Unfortunately, as my time in Scotland comes to a close I haven't been able to find any pine hoverflies; perhaps the cold weather last week meant they're late emerging this year, or maybe they emerged early this year, and the bad weather was too much for the adults. Despite my lack of success, I'm very glad to have been part of the work to try and help pine hoverflies, and more broadly to preserve the unique range of wonderful species that make the pine forests of the Highlands their home.

    There's still a lot of work to be done to understand and conserve this critically endangered and elusive denizen of the Highlands. In the meantime I'm off to have one last look - wish me luck!



  • Seabirds of the Forth

    Allison Leonard is a warden with RSPB Scotland who looks after five reserves in Central Scotland, including the Forth Islands Fidra and Inchmickery. Allison brings us this update on how different seabirds are faring in the Forth this year and tells us about a couple of exciting opportunities for you to get out and see them!

    Seabirds of the Forth

    It can’t be easy raising your young whilst perched precariously on the edge of a cliff, being bombarded with everything that the Scottish weather can throw at you. But each year thousands upon thousands of seabirds manage it. The 2016 season seems to have been a mixed one for the birds in the Firth of Forth though, with some species showing an almost 100% increase in numbers, whilst others have fared less well.

    Those not doing so well include the UK’s albatrosses and fulmars, as well as kittiwakes, razorbills and guillemots, with numbers nearly 20% down on 2015. However, the number of eider duck nests across the Forth has gone up by nearly 75%, with over 100 more nests than last year. All three gull species found regularly in the Forth have also increased, with herring gulls more than doubling in number.

    One seabird, which is harder to count thanks to the fact it nests underground, is the puffin but this year’s monitoring has shown some very encouraging results.  This colourful little bird, which last year was added to the IUCN red list of birds considered to be facing the risk of extinction, spends its winters floating in large flocks on the sea before heading back to shore in summer to breed.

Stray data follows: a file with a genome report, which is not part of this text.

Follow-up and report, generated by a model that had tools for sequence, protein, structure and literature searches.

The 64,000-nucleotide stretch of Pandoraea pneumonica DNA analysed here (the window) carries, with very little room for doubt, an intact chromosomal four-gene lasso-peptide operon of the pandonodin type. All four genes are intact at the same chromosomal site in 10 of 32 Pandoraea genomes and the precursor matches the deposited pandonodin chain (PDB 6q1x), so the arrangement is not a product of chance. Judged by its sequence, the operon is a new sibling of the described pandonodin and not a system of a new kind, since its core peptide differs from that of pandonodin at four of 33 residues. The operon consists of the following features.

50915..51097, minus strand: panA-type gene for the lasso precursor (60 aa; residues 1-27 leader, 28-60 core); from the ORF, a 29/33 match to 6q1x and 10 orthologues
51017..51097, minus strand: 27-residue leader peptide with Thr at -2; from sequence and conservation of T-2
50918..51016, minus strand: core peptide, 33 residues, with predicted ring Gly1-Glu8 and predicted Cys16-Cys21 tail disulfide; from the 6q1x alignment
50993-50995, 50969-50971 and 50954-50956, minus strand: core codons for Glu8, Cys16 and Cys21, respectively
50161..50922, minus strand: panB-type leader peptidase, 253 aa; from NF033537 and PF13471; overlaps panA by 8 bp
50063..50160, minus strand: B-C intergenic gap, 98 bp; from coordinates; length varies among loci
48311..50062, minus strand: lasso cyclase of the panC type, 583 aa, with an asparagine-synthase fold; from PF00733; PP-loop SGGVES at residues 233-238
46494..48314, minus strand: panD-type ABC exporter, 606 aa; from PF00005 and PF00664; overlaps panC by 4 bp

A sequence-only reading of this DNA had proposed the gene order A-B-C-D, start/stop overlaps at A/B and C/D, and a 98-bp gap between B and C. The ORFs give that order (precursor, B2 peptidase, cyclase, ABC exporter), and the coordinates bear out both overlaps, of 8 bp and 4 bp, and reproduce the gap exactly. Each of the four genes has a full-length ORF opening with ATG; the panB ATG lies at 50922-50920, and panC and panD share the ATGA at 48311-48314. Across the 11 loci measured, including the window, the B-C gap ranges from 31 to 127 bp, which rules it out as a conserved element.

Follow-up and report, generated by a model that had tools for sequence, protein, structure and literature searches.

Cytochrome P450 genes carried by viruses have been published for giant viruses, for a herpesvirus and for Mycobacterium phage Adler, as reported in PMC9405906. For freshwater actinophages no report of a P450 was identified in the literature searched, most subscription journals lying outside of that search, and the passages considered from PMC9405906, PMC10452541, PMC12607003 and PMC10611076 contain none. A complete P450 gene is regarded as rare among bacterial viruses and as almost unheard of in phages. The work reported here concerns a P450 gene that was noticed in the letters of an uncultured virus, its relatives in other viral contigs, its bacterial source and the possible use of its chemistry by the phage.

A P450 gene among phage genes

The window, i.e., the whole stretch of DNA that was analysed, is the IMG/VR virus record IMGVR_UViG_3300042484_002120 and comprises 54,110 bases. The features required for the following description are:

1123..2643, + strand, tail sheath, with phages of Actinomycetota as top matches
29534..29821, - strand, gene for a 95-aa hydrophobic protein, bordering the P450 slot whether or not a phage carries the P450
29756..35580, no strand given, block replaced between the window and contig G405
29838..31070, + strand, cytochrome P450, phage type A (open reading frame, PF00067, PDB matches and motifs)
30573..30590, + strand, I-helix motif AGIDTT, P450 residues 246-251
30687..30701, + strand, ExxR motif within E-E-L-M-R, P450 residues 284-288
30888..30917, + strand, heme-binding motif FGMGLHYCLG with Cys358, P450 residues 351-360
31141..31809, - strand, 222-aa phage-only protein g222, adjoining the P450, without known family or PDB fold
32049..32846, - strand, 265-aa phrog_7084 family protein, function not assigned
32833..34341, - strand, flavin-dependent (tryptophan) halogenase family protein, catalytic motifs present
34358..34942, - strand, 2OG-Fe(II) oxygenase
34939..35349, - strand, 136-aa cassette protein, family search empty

On the southern edge of the Forth, they mainly nest on the islands of Fidra, an RSPB Scotland reserve, and Craigleith. In the past, both of these sites have shown a massive crash in numbers, which we know is due to an infestation of tree mallow. This is a plant which is not native to the area, but was probably introduced a very long time ago, perhaps as far back as the 1600s by soldiers on the Bass Rock.

    Lighthouse keepers may also have planted it, or just used it for both its medicinal properties and the fact that the large, soft leaves make good toilet paper (when you have nothing else to use and can’t just pop to the shops!). Tree Mallow didn’t spread to Fidra until the 1990s.

    It can grow up to three metres tall, and grows so densely it blocks the entrance to the puffin burrows and prevents them from breeding. But thanks to the hard of work of many, many volunteers over the last few years (through RSPB Scotland and SOS puffin) the tree mallow is slowly being reduced across the islands, allowing puffin numbers to return to pre-mallow numbers.

    With a 2% increase in occupied burrows on Fidra this year, we can safely say that our management is having a very positive impact on puffin numbers in the Forth.

    For anyone interested in getting closer views of all the wonderful seabirds of the Forth, you can join RSPB Scotland for two special seabird cruises with the Maid of the Forth. This Sunday (26 June) there will be a three-hour tour of the Inner Forth islands (departing 6pm from Hawes Pier, South Queensferry).

    While on Saturday 9 July, there’s a two-hour cruise aboard the 'Seafari Explorer' to the islands off the East Lothian coast. This trip in particular is not to be missed if you want to see the world's largest gannetry out on the Bass Rock. It departs North Berwick harbour at 6pm. For more information and booking see either www.maidoftheforth.co.uk or http://www.seafari-edinburgh.co.uk.